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The Book of Mark is most likely the first of the four gospel books to be written, sometime in the late 60s CE. Today’s reading follows and continues a section of conflict between Jesus and his political opponents which began at his triumphal entry into Jerusalem [the political, social and religious capital of the Jewish people] in Mark 11. Since then Jesus has been butting heads with the leaders – all of them : the money changers in the temple; the chief priests and the scribes; the elders (who comprised the Sanhedrin – the governing body); Pharisees (the religious fundamentalists); Herodians (those who accommodated the foreigners); and the Sadducees (the elite establishment).
Our section today is the final and climactic confrontation between Jesus and those who oppose him. But curiously it’s ambiguous. Is this an attack from an enemy or the acknowledgment of wisdom from a potential follower? For we hear that one of the scribes (who’ve just been being attacked by Jesus and giving it back to him) comes near and impressed by Jesus asks him a question that’s neither a trap or superfluous. He seems to want to learn at the feet of Jesus.
Jesus’ response is unique. He creatively combines Deuteronomy 6:4-5 and Leviticus 19:18 to equate loving God with loving your neighbor and vice versa. Curiously it is recorded in history that the great Rabbi Hillel said something similar. He was one of the most famous of all Jewish religious leaders: a sage and scholar associated with the development of the Mishnah and the Talmud. He lived and taught before Jesus, (110BCE – 10CE). He’s famous for two sayings in particular: “If I am not for myself, who will be for me? And being for myself, what am ‘I’? And if not now, when?” and the expression of the ethic of reciprocity, or “Golden Rule”: “That which is hateful to you, do not do to your fellow. That is the whole Torah; the rest is the explanation; go and learn.”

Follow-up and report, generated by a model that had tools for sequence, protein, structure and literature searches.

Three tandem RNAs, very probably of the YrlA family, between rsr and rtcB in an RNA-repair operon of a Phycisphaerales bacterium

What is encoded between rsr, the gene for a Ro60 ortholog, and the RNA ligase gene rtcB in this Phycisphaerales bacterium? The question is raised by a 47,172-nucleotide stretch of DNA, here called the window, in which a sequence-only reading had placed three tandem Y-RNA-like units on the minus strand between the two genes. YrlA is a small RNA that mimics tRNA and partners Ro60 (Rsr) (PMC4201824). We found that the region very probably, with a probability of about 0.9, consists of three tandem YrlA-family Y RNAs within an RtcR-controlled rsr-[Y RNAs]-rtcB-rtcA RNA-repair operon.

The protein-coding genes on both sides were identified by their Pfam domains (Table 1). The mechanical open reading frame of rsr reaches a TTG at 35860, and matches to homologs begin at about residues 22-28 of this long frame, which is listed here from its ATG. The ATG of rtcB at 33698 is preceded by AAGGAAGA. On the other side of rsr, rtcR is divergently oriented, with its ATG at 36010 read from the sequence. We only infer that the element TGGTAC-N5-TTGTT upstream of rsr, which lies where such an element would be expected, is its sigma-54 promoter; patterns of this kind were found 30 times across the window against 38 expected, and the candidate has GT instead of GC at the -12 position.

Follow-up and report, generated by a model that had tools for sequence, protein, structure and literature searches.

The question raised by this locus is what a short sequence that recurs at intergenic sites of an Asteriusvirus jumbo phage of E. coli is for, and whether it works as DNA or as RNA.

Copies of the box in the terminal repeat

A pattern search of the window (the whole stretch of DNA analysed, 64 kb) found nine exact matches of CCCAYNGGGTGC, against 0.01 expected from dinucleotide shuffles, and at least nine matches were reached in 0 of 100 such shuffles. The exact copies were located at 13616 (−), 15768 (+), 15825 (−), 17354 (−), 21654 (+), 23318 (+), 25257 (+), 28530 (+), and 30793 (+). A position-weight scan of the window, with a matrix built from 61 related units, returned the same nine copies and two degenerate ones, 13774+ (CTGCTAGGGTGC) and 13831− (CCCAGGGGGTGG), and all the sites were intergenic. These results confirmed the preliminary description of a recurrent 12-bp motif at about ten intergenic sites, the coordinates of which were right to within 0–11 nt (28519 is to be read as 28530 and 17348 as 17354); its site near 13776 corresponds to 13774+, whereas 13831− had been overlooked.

While these two sayings are similar, Jesus’ positive version more actively equates love of God with love of neighbor and vice versa. (Leviticus 19:18 comes is the culmination end of a series of commandments about how to care for the poor). Jesus moves on to critique and condemn the patriarchal vision the establishment has of the Messiah (being defined by the right blood line), abusing their power to profit off the backs of the poor, and ultimately condemning the Temple institution which requires a poor widow (the poorest of the poor) to give all that she has to maintain an institution.
Questions for the practice of Examen & Contemplation